Paladin
QUOTE(Dontreadonme @ Nov 9 2003, 12:46 AM)
He did nothing wrong IMO. He made a conditional threat to a suspected terrorist, and saved lives of his men.
So he fired a weapon near the suspect....oh boo-hoo, did he wet himself?
Physically aggressing a prisoner means taking him down and subduing him for capture. Just like we have been doing to suspects all along....just like every other nation's army....just like police.

Lt. Col. West's duty is to his men.....'mission first, men always'.......nit to the self esteem or pride of someone who indeed turned out to be a terrorist, insurgent, or guerilla...whatever the PC term is today.

Well said and I agree completely. Lt. Col West should be commended for his leadership and moral courage rather than facing possible jail time. He prevented the enemy from carrying out attacks against his unit, undoubtedly saving the lives of some of his men. After mission accomplishment the lives of his men were his highest priority. The Iraqi prisoner was also not physically harmed. What Lt. Col West did was illegal, but does that mean it was wrong? Sometimes what is right and what is legal do not see eye to eye, and in my opinion this is an example of it. At least he'll sleep at night with a clear conscience.
Aquilla
QUOTE(moif @ Nov 9 2003, 04:59 PM)
If your all correct, and the case is so evident, then why is he being charged?  ermm.gif

He is being charged because after reading his action report on the incident, his military superiors thought there might have been a problem with his actions and requested an investigation by the military legal arm, either the JAG or IG. Following their investigation, Lt Col West's commander can request an Article 32 hearing to determine if there is sufficient cause for a general court martial. If they find sufficient cause, then a court martial or trial will be held.

I brought up the Geneva convention way early in this thread merely to point out that the individual that was questioned did not fall under it's guidelines since he was clearly an illegal combatant, but that doesn't matter. What is important here, and not something that anyone here, other than possibly DTOM knows about(and if he told us he'd probably have to kill us smile.gif ) and that is what are the Rules of Engagement in this circumstance. The UCMJ uses the term "illegal action", but the legality of the action is determined by the ROE in force at the time. Personally speaking, if we have ROE that prohibit scaring the daylights out of terrorists, then we have a real problem with our ROE and they need to be changed.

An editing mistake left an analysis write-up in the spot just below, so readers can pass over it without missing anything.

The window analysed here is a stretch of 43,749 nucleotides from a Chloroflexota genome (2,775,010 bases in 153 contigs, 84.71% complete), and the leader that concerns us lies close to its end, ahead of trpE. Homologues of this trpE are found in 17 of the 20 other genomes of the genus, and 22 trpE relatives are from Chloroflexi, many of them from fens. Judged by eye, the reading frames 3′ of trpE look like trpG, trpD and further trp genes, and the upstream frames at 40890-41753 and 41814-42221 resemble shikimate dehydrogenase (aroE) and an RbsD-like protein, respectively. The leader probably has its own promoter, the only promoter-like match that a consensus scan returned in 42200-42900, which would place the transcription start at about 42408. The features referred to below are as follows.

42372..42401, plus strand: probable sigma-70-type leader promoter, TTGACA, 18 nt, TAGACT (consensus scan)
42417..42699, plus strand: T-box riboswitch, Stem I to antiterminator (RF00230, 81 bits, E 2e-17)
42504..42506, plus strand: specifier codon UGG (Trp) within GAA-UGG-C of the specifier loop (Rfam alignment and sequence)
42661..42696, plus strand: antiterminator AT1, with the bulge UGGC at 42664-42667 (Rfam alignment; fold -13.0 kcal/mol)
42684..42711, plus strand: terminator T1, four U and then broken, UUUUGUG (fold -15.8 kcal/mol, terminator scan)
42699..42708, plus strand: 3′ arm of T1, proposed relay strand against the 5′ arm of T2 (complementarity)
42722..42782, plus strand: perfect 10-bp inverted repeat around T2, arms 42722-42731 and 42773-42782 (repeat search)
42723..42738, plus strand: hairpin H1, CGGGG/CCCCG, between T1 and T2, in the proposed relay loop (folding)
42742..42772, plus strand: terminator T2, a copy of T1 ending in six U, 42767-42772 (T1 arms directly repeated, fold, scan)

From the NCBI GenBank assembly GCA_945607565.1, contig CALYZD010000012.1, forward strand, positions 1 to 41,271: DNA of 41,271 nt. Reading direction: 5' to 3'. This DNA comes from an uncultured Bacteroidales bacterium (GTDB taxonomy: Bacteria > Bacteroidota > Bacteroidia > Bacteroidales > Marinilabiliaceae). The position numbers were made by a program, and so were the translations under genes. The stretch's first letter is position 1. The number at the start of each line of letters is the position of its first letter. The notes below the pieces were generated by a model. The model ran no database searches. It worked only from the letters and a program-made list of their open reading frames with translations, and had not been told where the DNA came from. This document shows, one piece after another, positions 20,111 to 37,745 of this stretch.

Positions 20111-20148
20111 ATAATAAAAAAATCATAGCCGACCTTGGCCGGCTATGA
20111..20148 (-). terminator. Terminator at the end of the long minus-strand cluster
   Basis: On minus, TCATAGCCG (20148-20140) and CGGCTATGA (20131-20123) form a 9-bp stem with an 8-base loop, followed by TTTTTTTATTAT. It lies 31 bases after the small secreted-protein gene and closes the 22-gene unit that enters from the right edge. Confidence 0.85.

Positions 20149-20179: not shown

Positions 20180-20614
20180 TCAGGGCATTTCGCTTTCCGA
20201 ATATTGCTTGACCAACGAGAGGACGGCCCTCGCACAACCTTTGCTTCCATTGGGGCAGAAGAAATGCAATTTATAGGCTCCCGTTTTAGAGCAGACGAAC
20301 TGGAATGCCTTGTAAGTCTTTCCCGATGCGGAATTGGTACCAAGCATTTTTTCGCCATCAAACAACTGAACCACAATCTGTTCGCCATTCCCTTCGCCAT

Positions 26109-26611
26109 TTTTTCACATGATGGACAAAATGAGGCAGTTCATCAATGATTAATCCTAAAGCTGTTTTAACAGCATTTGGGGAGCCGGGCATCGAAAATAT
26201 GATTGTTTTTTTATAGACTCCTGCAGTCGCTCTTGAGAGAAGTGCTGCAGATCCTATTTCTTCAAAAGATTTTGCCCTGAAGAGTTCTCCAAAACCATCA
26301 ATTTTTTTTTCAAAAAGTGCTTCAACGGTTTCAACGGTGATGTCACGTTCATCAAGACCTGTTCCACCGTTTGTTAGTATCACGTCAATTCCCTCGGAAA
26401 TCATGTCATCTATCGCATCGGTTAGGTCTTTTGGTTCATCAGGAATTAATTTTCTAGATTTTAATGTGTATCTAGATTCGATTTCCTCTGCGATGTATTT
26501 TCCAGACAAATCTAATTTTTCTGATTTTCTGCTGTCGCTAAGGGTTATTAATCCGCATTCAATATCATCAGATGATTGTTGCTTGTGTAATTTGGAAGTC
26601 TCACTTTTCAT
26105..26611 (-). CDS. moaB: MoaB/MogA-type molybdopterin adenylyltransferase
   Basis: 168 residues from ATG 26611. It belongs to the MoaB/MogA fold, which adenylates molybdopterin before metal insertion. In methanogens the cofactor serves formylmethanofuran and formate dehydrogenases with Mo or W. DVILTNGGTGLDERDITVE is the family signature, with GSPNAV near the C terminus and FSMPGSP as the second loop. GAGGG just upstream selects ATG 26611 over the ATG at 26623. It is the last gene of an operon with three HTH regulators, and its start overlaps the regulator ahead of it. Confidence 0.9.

Beladonna
I just heard a report from a journalist covering the hearing of Col West. The journalist reported that Col West gave a statement today and in it said, "He would go to hell carrying a gas can for his men."

The reporter then stated that behind him stood his guards - military soldiers carrying guns, emotion written on their faces, tears streaming down the cheeks of one. crying.gif

I wonder what this is doing to the morale of the soldiers. I wonder if this will make interrogators question whether they are pushing an enemy combatant too hard.

This hearing is about more than Col West. It's about how our soldiers will be allowed to interrogate those who wish to do us harm in a time of war.

I don't know what that decision should be. I just hope the right decision is made.
Beladonna
Update:

I heard this morning Col. West will not be court-martialed or lose his retirement. He will receive administrative discipline. As soon as the story breaks the wires I'll edit this post with a link.
GoAmerica
I found a link for this story

'Great news' for West in assault case

QUOTE
An Army hearing officer has recommended administrative punishment — but not a criminal court-martial — for Lt. Col. Allen B. West, who is charged with assault for firing a gun to scare a confession from an Iraqi detainee.